HELAC’s Composite reprocessing: selective water cutting and resistive welding

These days, metal is the main component of aircraft parts but, for the last few years, the aeronautical industry has been incorporating new materials, such as thermoset compounds. They require a recycling system that allows the extraction of the reusable components (carbon fiber), to produce less waste of this composite material, which is hardly recyclable until now. HELACS offers a technological solution to recycle both thermoset materials and thermoplastics, which are currently booming and are considered to be the materials of the coming future for aircrafts.

These days, metal is the main component of aircraft parts but, for the last few years, the aeronautical industry has been incorporating new materials, such as thermoset compounds. They require a recycling system that allows the extraction of the reusable components (carbon fiber), to produce less waste of this composite material, which is hardly recyclable until now. HELACS offers a technological solution to recycle both thermoset materials and thermoplastics, which are currently booming and are considered to be the materials of the coming future for aircrafts.

To that effect, HELACS proposes a dismantling process based on a selective cutting system by high pressure water (more than 4000 bars) that will allow the pieces composed of a thermoset matrix (carbon fiber + epoxy resin) to be cut into pieces. Afterwards, those pieces will undergo a pyrolysis process (heating in the absence of oxygen) by which the matrix will be charred and the carbon fiber which resists the chemical decomposition will be reused.

Beyond the thermoset composite material, there are advanced trials with thermoplastic-based composites that aim to become the key component of the aeronautical parts of the next generation of aircrafts. With the focus on these new materials, HELACS also incorporates a second resistive welding reprocessing technology. This system makes use of an extremely fine resistive mesh (35 µm) installed during assembly at the junction interfaces between panels. This mesh will help at the disassembly stage to detach the panels, by passing an electric current through this element. Acting as an electrical resistance, this will heat up melting the matrix and allowing the separation mentioned.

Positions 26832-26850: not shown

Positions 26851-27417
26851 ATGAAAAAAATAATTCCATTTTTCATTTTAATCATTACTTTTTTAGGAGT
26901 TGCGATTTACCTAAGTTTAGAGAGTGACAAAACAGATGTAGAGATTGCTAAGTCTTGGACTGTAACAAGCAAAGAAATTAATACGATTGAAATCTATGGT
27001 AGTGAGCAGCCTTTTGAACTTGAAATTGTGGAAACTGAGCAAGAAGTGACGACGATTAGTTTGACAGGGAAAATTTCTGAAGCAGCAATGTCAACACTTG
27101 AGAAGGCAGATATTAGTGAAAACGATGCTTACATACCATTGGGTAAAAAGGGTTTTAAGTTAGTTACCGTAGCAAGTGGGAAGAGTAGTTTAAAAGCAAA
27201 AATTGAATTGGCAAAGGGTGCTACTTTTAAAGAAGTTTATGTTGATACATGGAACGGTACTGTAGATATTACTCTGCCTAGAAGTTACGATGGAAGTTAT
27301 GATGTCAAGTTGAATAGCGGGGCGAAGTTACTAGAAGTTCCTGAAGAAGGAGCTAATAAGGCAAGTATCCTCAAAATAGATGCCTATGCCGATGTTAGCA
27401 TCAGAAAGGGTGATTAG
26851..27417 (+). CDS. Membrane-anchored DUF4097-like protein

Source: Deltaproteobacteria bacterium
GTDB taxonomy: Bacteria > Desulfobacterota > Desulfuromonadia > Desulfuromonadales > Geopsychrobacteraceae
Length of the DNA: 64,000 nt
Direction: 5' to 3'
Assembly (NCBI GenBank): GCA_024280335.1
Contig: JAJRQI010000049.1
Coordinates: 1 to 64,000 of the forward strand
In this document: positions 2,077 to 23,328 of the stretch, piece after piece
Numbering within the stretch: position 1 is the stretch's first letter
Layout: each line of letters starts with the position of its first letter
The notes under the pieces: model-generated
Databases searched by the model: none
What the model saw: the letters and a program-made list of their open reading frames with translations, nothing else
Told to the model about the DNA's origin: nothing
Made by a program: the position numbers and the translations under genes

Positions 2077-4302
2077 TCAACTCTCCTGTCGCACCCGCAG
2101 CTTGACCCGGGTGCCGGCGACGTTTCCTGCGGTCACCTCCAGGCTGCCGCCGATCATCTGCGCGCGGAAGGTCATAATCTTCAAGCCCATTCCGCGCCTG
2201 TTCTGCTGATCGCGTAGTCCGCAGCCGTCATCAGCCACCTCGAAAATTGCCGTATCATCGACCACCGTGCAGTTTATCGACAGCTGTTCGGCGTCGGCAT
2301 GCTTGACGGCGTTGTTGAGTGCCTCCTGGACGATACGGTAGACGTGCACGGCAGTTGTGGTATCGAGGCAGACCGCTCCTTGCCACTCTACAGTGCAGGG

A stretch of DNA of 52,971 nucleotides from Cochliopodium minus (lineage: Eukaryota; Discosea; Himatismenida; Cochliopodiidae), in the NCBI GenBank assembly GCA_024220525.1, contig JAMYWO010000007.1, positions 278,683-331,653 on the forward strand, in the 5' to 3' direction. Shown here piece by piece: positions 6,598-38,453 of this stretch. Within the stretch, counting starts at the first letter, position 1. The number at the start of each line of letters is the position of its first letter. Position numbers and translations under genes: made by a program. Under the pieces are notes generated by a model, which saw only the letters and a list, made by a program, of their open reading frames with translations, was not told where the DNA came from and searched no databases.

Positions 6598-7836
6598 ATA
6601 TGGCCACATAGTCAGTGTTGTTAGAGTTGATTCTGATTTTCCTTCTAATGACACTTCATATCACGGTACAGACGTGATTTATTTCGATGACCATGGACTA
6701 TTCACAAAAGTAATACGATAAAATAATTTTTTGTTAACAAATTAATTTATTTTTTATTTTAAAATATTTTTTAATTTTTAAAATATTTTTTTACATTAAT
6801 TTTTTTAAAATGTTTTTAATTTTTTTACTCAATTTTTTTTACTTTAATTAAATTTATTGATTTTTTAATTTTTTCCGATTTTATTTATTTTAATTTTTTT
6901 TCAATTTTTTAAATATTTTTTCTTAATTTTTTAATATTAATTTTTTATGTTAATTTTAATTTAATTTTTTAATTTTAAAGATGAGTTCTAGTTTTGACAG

Thanks to the revolutionary methodologies that the HELACS Project brings up, the aeronautical industry will be able to find an innovative technological system for dismantling and maintenance of aircrafts in order to give new life to materials, as well as developments and innovations that will be transferable to other industries.

Latest News HELACS

  • For aircrafts that are no longer in service, the owner considers the trade-off between direct resale and disassemble & recycled. Besides that, HELACS project (Holistic processes for the cost-effective and sustainable management of End of Life of Aircraft Composite Structures) is focused on the study of the second one of these options.

  • You can now download the official HELACS project brochure. A project comes to transform the dismantling process of the aircraft of the future. HELACS employs novel robotics to recycle composite materials of large components. The HELACS process is based on the application of high water pressure that will selectively chop the thermoset parts into a dimension suitable for recycling. In addition, the pyrolysis process is used for the carbonization of the thermoset matrix to reuse the carbon fibers that overcome this chemical decomposition.

  • AITIIP Technology Centre leads HELACS, a European project which aims to develop a dual methodology of controlled comprehensive dismantling in order to make possible the classification, recycling and reuse of aircraft parts made of thermoset and thermoplastic composites that have reached their end of life. Annually, the aeronautical industry is depositing more than 40,000 tons of end-of-life composite material waste in landfills. Thanks to the recovery of materials, the technology proposed by HELACS will benefit the change towards an energy efficiency model.

This project has received funding from the Clean Sky 2 Joint Undertaking under the European Union’s Horizon 2020 research and innovation programme under grant agreement Nº 101007871
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